Is North Korea Really the Conundrum?

With North Korea continuing its ballistic missile launches there is a new whirl of growing security concern in Seoul. After a telephone call between Yoon Suk-yeol, the newly elected president of South Korea, and Chinese President Xi Jinping, Seoul expects tight cooperation with China on North Korea. Meanwhile, why have the talks with North Korea stalled, and is there any solution to move them forward?

The “North Korea conundrum” has been a common phrase to describe the long record of unsuccessful U.S. and South Korean rapprochement toward Pyongyang. Why have South Korea and the United States been unable to make any meaningful progress in relations with North Korea since the Korean War armistice in 1953? The answer is as straightforward as it is bewildering: because the “conundrum” is rooted not in North Korea, but in the strikingly opposite views of progressives and conservatives in both South Korea and the United States. Only a united front between Washington and Seoul will move relations forward.

South Korean President Yoon Suk-yeol
South Korean President Yoon Suk-yeol. (Yonhap News Agency)

Two times the world has witnessed successful U.S.-South Korea handling of the North Korea problem. The first resulted in the inter-Korean summits of 2000 and 2007. The second gave occasion to the 2017-19 U.S.-North Korea and South Korea-North Korea summit diplomacy. Nevertheless, both times the world also witnessed hefty backsliding immediately afterward. Relations with Pyongyang reached new lows due to political shifts in both Seoul and Washington. North Korea responded by detonating nuclear devices or conducting missile tests – and it continues to demonstrate its missile “muscles.”

The overriding reason why such promising “thaws” ended up with such poor results is internal political division. Conservative presidential administrations in South Korea have consistently opposed any rapprochement with North Korea, whereas progressive presidential administrations have vigorously supported it. Large swings in domestic politics have made the U.S. approach inconsistent. Each step forward toward North Korea is immediately the target of domestic political attack.

If South Korea and the U.S. want to achieve a practical outcome in relations with North Korea, a Joint Commission is the only solution. It must include South Korean progressive and conservative politicians on the one side, and U.S. conservative and liberal politicians from the United States on the other. Creating such a Joint Commission cannot be done easily or overnight. Nevertheless, without this effort, reaching progress on the North Korea issue is unlikely.

The U.S. needs both South Korean political parties’ active support and participation in solving the North Korea problem. Suffice it to say that organizing the historic U.S.-North Korea summits required substantial assistance and consistent endorsement of South Korea. With both South Korean political parties on board, and the U.S. political parties’ internal concord, the U.S. will be able to engage with North Korea more effectively.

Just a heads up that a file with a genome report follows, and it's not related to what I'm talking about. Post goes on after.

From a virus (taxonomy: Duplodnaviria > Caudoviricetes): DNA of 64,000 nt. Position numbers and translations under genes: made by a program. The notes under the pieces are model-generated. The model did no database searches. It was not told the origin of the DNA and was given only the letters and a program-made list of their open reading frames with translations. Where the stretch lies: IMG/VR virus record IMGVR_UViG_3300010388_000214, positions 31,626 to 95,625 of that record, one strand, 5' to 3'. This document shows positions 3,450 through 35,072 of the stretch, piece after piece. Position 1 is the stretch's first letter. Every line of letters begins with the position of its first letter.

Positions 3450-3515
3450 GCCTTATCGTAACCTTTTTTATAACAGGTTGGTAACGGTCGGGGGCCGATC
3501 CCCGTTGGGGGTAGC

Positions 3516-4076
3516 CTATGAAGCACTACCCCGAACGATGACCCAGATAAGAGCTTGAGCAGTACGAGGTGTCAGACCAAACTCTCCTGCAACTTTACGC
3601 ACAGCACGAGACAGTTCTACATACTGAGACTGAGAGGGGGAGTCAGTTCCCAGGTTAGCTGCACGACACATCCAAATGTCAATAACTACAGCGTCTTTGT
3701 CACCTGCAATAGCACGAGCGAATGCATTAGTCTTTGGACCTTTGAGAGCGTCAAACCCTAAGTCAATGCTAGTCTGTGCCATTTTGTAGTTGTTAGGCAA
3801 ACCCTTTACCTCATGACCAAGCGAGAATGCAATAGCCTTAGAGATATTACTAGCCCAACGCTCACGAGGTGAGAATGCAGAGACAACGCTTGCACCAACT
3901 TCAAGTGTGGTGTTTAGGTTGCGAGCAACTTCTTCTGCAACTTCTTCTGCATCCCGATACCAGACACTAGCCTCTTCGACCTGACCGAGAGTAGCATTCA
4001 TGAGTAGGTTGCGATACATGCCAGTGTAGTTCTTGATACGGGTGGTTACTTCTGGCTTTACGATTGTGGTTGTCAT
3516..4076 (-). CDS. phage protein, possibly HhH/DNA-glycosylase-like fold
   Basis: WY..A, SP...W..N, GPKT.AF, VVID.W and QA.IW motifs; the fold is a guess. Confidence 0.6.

North Korean leader Kim Jong-Un
North Korean leader Kim Jong-Un. (KCNA)

In addition, a Joint Commission will have more ability to elaborate plausible policy options with due consideration of each other’s opinions. One prominent Korean expert once emphasized that South Korea-North Korea relations include both reunification and security components that are considered as domestic and international issues respectively. Therefore, during successful U.S.-South Korea cooperation on the North Korea issue during the late 1990s, the policy was mainly successful because of both internal support in South Korea and external encouragement by Washington.

A new approach is needed because the Six-Party Talks on North Korea have been deadlocked since 2009. Multilateral engagement in solving the North Korea problem is no longer feasible. Putting aside Donald Trump’s effusive praise of Kim Jong-Un, normalization of U.S.-North Korea relations is a long-term process that exceeds any presidential term. However, a Joint Commission’s work does not depend on the term of a particular president. A Joint Commission depends on both states agreeing to work together, and taking small consistent steps toward rapprochement with North Korea.

There are concerns that regardless of the approach Washington and Seoul make, North Korea will continue missile launches and nuclear tests. Progress on these existential questions for North Korea is only possible with the lifting of sanctions and security guarantees from the U.S. Such a straightforward and momentous approach is possible only if all parties in Washington and Seoul work together.

An agreed North Korea policy framework within the U.S. and South Korea’s four major political parties and between each other is undoubtedly more advantageous to the U.S. and South Korea than acting on their own. The only solution to the “North Korea conundrum” is crafting and maintaining a consistent joint North Korea strategy that will lead to establishing peace on the Korean Peninsula.